To connect with HCPs, get to know the person behind the robe
How to leverage the human sciences to design a successful engagement model
By Matilde Cini — Researcher at A Piece of Pie
Data versus emotions
Pharmaceutical companies may know the age, sex, geolocation, digital behavior, and outspoken treatment preferences of physicians. But despite having all these data, they’re still just scratching the surface of who doctors really are and why they behave the way they do. They may have access to the who, the what, and the how. However, market research after market research, they’re still missing the why.
This why is what really moves people’s decisions, it’s the sum of the drivers of their behavior. And these drivers are not rational: they are deeply rooted emotional mechanisms which respond to basic human needs.
To offer some context, in the 1990s, findings in cognitive psychology, anthropology, evolutionary biology, and neurology began to challenge the assumption that taking decisions is a rational process. Scientists realized that emotion and reason are integrated systems rather than separate states. And that emotions (like fear) can prompt action before a subject can cognitively process the threat. In summary, many scientists and researchers now believe that emotions drive actions. And in order to successfully engage with people, be them consumers or physicians, you need to understand which emotions drive them the most.
Doctors are just humans, as irrational as anyone else
The statement that emotions drive actions, and that human behavior is not rational, may seem obvious, and most marketeers take it for granted. However, many people assume that doctors are, somehow, more rational than other humans and act solely on scientific foundations. If that were true, it would be a remarkable anomaly.
A doctor may tell you that she wants formal and relevant interactions with the pharmaceutical industry. But what is “relevant” for her? Do all doctors who tick the “formal and relevant interaction” box in the typing tool actually mean the same? Do they need the same things? And if that’s not the case (spoiler: it is not the case), what do they actually need, and why?
Doctors are, like all of us, human beings with a complex psychological, cultural, social and emotional baggage. To successfully engage with them, we must be able to dismiss the illusion that they are objective professionals with purely scientific motivations, and understand who they are, as people, irrational as everyone else, when they take their medical robe off.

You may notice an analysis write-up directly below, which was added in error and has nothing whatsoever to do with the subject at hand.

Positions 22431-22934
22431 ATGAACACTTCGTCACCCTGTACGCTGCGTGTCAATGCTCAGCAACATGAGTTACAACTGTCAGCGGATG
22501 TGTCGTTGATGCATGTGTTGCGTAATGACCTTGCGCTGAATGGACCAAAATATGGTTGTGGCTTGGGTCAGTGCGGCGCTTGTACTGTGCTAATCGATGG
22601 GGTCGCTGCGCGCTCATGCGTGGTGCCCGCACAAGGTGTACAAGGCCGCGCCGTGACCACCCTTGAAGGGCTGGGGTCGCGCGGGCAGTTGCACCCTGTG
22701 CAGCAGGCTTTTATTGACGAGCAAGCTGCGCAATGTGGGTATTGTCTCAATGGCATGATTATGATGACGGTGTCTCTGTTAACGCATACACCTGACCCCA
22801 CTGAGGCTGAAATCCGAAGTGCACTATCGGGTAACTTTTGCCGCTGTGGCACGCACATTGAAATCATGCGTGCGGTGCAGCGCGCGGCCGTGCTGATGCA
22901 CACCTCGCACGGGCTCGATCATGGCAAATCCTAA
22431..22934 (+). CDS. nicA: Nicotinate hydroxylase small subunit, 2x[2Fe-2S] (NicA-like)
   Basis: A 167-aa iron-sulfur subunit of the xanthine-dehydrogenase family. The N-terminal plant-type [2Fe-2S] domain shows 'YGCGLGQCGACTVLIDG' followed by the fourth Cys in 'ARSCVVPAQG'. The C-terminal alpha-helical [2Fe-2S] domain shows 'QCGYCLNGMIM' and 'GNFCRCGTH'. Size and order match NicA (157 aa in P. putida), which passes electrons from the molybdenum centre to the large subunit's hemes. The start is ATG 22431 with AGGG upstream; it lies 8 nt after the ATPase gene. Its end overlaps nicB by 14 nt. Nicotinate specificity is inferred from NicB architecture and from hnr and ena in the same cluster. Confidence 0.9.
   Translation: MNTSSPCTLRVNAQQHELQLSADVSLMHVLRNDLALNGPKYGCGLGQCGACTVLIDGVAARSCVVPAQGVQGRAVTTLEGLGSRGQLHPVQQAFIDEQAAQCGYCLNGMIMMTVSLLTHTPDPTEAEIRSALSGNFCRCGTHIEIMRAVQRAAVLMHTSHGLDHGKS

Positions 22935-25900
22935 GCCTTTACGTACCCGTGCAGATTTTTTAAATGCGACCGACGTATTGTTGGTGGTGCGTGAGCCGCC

Getting to know them
Take Eva (dermatologist, 41, from Barcelona) and Ibo (oncologist, 47, from Paris). Each of them has a unique emotional history and needs, which distinctively shape the way they want to be addressed, the kind of information they want to receive, which initiative may get their attention, and their digital behavior.
Eva was once a perfectionist student, always top of her class. Now she is a mother of two and part-time clinical dermatologist, frustrated at the patriarchal hierarchy of medical institutions. Behind her patient-centric speech, Eva often gets frustrated at her patients’ derisory skin rushes and acne. What she seeks above all is work-life balance, together with a sense of agency and control. A purely patient-centric speech will be of no use to her: what she needs are practical solutions to make her clinical practice easier and more efficient. She welcomes digital communication, since it’s pragmatic and fast, but fears that the proliferation of online content may turn out to be a waste of time.
Ibo was born in Frankfurt from Turkish parents. He fought his way up into medical school and is determined to become a reference in German oncology. He wants to have a real impact on the medical world, he wants to make a difference. But, although he’ll never tell you straight away, he also wants recognition and influence, he wants to be someone who matters.
Helping patients is his way to have a recognizable, meaningful impact in this world. He wants the pharmaceutical industry to help him in his mission, funding his research and recognizing his efforts. He is enthusiastic about access to digital information (he loves listening to conference podcasts while cycling to work) but would never give up on in-person networking opportunities.
Sense making and the Emotionality Framework
Eva and Ibo are not just data. To understand them, you need to actually talk to them. And after talking to them, you need to be able to make sense of what they told you and turn the subsequent analysis into actionable insights.
There are a variety of frameworks to make sense of the whys, such as the Mindspace Framework, based on behavioral economics, or the Limbic Model, inspired by neuroscience. At A Piece of Pie, we have developed our own unique Emotionality Framework.
Through years of experience studying people’s emotions and behavior, we have identified 7 main emotional drivers that are common to all human beings. Each of these drivers corresponds to deeply rooted human needs. A very powerful way of connecting with people is to identify which of these 7 drivers are most important for them, and offer the content and initiatives which tap onto the corresponding emotional needs.
In my next article, I will delve deeper into the Emotionality Framework we created at A Piece of Pie to make sense of the whys and turn them into actionable outcomes.
Looking for deeper insights?
At A Piece of Pie, we specialize in the definition and implementation of meaningful customer engagement strategies, based on a deep and robust understanding of your customers.
If you want to take a real people-centric approach to ensure that thinking is put into action successfully, get in contact with us at email@example.com.